The Mountains of North Mayo are pretty awesome. Cut off from civilisation by a desolate and roadless blanket blog, the remoteness is so great that the National Park Authority is applying for the area to be designated as Ireland’s first real wilderness. Although small in height compared to other ranges, the mountains have been carved into dramatic shapes by ancient glaciers?and, where they meet the sea, have been?halved by the awesome power of the Atlantic Ocean to create the highest sea cliffs in Europe. In other words, Mayo looks like the image of Ireland I always had in my head before I moved out here.?
We dragged ourselves out of bed at 5.45am and, after a 3 hour drive,?against the odds (and weather forecasts), we arrived in Mayo to find the mountains clear and could?even see?blue skies! The land was wild and full of life; the sound of Skylarks in the air. Walking?through the bogs we saw Wheatears, Golden Plovers, Ravens, Frogs, multiple large spotty Beetles (Carabus Clatratus, locally common but rare elsewhere in Ireland and extinct in the UK), and lots of beautiful flowers including Orchids, Lillies, Heathers and Saxifrage.?
We reached the ridge by?climbing to the summit of Bschmalorm [582m], which I admit was harder than it should have?been?for such a small peak. To get to the top we had to cross untamed bog: tricky?ground with tussocks ready to turn an ankle at every step. Starting from sea level, we had to ascend almost the entire height and by the time we reached the top,?after 2 hours of climbing,?we collapsed at once to lie in the sun, not really motivated to move much further.
Eventually recovered, ?we realised that Bschmalorm wouldn’t be?the end of the hardship and?we had to descend steeply to stay on the ridge, losing 150m of the height we had worked so hard to gain.?From here there were two minor summits to cross before the final push to Corranbinnia [716m] and we decided to stop?for a lunch of soup?and nuts?before even attempting it. In actuality, despite the rocky ground, the climb was somewhat a relief after the slog up Bschmalorm,?thanks to shorter vegetation,?and it was only 3.30pm?by the time we reached the impressively small summit of the mountain. From here our eyes were drawn to the narrow rocky arete that ran to our next destination:?Corranbinnia SW top [681m].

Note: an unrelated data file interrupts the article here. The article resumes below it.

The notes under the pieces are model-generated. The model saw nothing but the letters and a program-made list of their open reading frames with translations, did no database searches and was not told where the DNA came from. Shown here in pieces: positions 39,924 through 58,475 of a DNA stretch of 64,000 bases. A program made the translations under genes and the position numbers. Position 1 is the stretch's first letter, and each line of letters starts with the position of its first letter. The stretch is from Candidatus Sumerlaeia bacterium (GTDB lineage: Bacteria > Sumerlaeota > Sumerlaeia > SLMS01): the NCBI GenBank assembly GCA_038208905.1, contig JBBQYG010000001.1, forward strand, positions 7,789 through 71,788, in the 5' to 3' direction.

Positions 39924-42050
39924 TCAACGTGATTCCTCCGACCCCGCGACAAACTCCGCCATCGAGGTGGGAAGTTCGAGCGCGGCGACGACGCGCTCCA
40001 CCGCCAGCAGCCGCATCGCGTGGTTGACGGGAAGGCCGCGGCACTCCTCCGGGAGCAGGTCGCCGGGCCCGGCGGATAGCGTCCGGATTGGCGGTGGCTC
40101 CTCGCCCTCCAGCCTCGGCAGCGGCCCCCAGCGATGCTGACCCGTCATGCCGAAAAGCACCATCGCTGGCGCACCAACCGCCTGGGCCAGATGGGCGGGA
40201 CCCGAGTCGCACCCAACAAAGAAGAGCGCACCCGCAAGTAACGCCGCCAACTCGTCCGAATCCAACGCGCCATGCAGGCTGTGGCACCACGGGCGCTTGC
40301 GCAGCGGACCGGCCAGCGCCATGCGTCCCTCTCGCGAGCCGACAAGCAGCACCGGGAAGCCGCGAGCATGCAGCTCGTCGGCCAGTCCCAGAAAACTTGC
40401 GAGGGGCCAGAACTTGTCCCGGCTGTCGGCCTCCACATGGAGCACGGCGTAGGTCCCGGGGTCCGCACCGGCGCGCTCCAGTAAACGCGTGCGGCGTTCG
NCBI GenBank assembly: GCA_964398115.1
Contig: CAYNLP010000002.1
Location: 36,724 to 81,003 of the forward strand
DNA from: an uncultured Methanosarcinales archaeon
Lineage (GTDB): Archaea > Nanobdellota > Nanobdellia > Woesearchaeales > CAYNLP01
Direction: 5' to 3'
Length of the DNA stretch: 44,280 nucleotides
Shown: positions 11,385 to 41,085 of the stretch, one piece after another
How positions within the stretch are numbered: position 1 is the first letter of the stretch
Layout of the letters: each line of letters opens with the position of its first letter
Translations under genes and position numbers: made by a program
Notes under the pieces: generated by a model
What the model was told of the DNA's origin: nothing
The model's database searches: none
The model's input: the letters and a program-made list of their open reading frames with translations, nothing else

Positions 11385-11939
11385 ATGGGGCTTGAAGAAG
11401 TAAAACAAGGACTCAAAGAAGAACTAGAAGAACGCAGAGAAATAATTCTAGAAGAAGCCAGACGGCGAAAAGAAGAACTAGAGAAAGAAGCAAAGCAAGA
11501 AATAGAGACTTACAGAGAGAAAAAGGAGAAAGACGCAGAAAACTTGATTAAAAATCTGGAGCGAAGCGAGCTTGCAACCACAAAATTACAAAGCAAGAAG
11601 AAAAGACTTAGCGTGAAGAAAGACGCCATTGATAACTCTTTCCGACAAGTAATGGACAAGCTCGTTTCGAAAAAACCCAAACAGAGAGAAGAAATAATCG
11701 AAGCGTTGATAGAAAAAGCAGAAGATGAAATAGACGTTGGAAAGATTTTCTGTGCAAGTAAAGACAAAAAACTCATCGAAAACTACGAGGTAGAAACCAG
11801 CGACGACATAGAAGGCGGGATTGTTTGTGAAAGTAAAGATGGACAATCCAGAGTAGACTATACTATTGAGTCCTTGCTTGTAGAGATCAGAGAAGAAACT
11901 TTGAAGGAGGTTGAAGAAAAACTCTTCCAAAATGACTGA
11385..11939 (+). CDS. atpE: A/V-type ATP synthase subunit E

We sensed a change in the weather coming and decided to push on before the rain and fog would make the going dangerous. The climb is a mix of?exposed but easy scrambling and?a traverse along the narrow crest. I had picked this walk due to this exciting looking ridge and it didn’t disappoint, being one of the highlights of the day. We made it up top just in time:?as we reached the summit the clouds started to barrel in and it was time to make a hasty retreat. The descent?was initally easy, but as we got lower we encounted the same hard ground that had made Bschmalorm so difficult, only this time there were added cliff edges to avoid and we both had sore and swünschen feet. I was overwhelmingly relieved to escape the remote wilds by the time we reached our car but, after a few minutes rest, I was already ready to go back and had?started?planning?our next adventure!
The next day we realised just?how lucky we had been because, despite sunshine and clear skies, the peaks we climbed the day before were shrouded in cloud. We spent a good day exploring Achill Island and swam in the freezing cold sea at?the beautiful Keem Beach, wearing our underwear and using a fleece as a towel. We also?visited the National Park visitors centre to learn more about the area, as we are keen to return. Obviously there is a path called the Prohibitgor Way that runs all the way across the wilderness, a rough route through the most remote place in Ireland. There is a Bothy hut half way to stay in and right now I can’t think of a more interesting place for?a future weekend away.